The article discusses the effectiveness of a food literacy program in improving diet quality and reducing the risk of chronic diseases. This directly relates to SDG 2, which aims to achieve zero hunger and improve nutrition. It also connects to SDG 3, which focuses on promoting good health and well-being. Additionally, the program’s emphasis on education and behavior change aligns with SDG 4, which aims to ensure quality education for all. Lastly, the article mentions the importance of responsible consumption and production, which falls under SDG 12.

2. Specific Targets Based on the Article’s Content:

  • Target 2.2: By 2030, end all forms of malnutrition, including achieving, by 2025, the internationally agreed targets on stunting and wasting in children under 5 years of age.
  • Target 3.4: By 2030, reduce by one-third premature mortality from non-communicable diseases through prevention and treatment and promote mental health and well-being.
  • Target 4.7: By 2030, ensure that all learners acquire the knowledge and skills needed to promote sustainable development, including among others through education for sustainable development and sustainable lifestyles.
  • Target 12.8: By 2030, ensure that people everywhere have the relevant information and awareness for sustainable development and lifestyles in harmony with nature.

The article’s focus on improving nutrition and reducing the risk of chronic diseases aligns with Target 2.2 of SDG 2. The program’s effectiveness in producing positive changes in food literacy and dietary behaviors relates to Target 3.4 of SDG 3. The emphasis on education and behavior change connects to Target 4.7 of SDG 4. Lastly, the mention of the program’s contribution to evidence-based public health investment relates to Target 12.8 of SDG 12.

3. Indicators Mentioned or Implied in the Article:

  • Improvements in food literacy behaviors
  • Increase in fruit and vegetable intake
  • Enhanced planning and management skills
  • Improved preparation skills
  • Increase in cooking confidence

The article mentions that the program group achieved statistically greater improvements in planning and management, preparation skills, and servings of vegetables. It also notes an increase in cooking confidence and improvements in other food literacy behaviors. These indicators can be used to measure progress towards the identified targets, as they reflect positive changes in food literacy, dietary behaviors, and nutrition.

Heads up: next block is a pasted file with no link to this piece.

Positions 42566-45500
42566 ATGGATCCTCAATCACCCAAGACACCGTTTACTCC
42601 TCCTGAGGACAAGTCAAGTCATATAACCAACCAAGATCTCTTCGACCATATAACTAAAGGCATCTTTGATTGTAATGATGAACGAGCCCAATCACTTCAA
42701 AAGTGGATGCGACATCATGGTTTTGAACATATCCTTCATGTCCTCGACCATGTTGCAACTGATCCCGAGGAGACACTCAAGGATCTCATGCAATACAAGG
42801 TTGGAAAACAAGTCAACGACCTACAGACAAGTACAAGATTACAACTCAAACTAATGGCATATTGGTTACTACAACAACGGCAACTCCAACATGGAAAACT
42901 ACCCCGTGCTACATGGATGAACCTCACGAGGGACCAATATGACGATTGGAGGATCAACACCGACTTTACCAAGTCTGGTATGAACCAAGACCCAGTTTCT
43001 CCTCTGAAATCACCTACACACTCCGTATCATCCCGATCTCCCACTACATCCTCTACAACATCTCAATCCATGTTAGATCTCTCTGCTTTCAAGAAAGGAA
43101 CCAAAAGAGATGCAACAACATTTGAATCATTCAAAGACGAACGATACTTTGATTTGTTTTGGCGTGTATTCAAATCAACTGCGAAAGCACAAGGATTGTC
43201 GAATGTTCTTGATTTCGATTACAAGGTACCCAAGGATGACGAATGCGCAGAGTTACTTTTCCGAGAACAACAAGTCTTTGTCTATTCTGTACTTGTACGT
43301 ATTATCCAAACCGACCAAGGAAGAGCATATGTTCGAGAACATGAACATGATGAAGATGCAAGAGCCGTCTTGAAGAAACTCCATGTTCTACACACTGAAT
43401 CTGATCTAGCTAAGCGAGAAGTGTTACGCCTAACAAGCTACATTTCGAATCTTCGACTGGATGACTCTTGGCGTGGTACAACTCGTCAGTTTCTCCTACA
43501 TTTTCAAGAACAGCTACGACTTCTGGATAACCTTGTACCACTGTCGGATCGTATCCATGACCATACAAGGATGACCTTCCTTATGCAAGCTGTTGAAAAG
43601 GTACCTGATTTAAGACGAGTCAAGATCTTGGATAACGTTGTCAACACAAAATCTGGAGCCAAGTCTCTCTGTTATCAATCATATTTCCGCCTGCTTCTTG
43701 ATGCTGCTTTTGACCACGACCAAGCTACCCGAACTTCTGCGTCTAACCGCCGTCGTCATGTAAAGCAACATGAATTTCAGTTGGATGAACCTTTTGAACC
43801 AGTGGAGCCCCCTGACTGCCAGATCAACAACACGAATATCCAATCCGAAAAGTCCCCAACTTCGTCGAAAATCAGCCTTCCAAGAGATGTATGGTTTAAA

Table: SDGs, Targets, and Indicators

SDGs Targets Indicators
SDG 2: Zero Hunger Target 2.2: By 2030, end all forms of malnutrition, including achieving, by 2025, the internationally agreed targets on stunting and wasting in children under 5 years of age. – Increase in fruit and vegetable intake
– Improvements in food literacy behaviors
SDG 3: Good Health and Well-being Target 3.4: By 2030, reduce by one-third premature mortality from non-communicable diseases through prevention and treatment and promote mental health and well-being. – Increase in fruit and vegetable intake
– Improvements in food literacy behaviors
SDG 4: Quality Education Target 4.7: By 2030, ensure that all learners acquire the knowledge and skills needed to promote sustainable development, including among others through education for sustainable development and sustainable lifestyles. – Improvements in food literacy behaviors
– Increase in cooking confidence
SDG 12: Responsible Consumption and Production Target 12.8: By 2030, ensure that people everywhere have the relevant information and awareness for sustainable development and lifestyles in harmony with nature. – Improvements in food literacy behaviors
– Increase in cooking confidence

Behold! This splendid article springs forth from the wellspring of knowledge, shaped by a wondrous proprietary AI technology that delved into a vast ocean of data, illuminating the path towards the Sustainable Development Goals. Remember that all rights are reserved by SDG Investors LLC, empowering us to champion progress together.

Source: newswise.com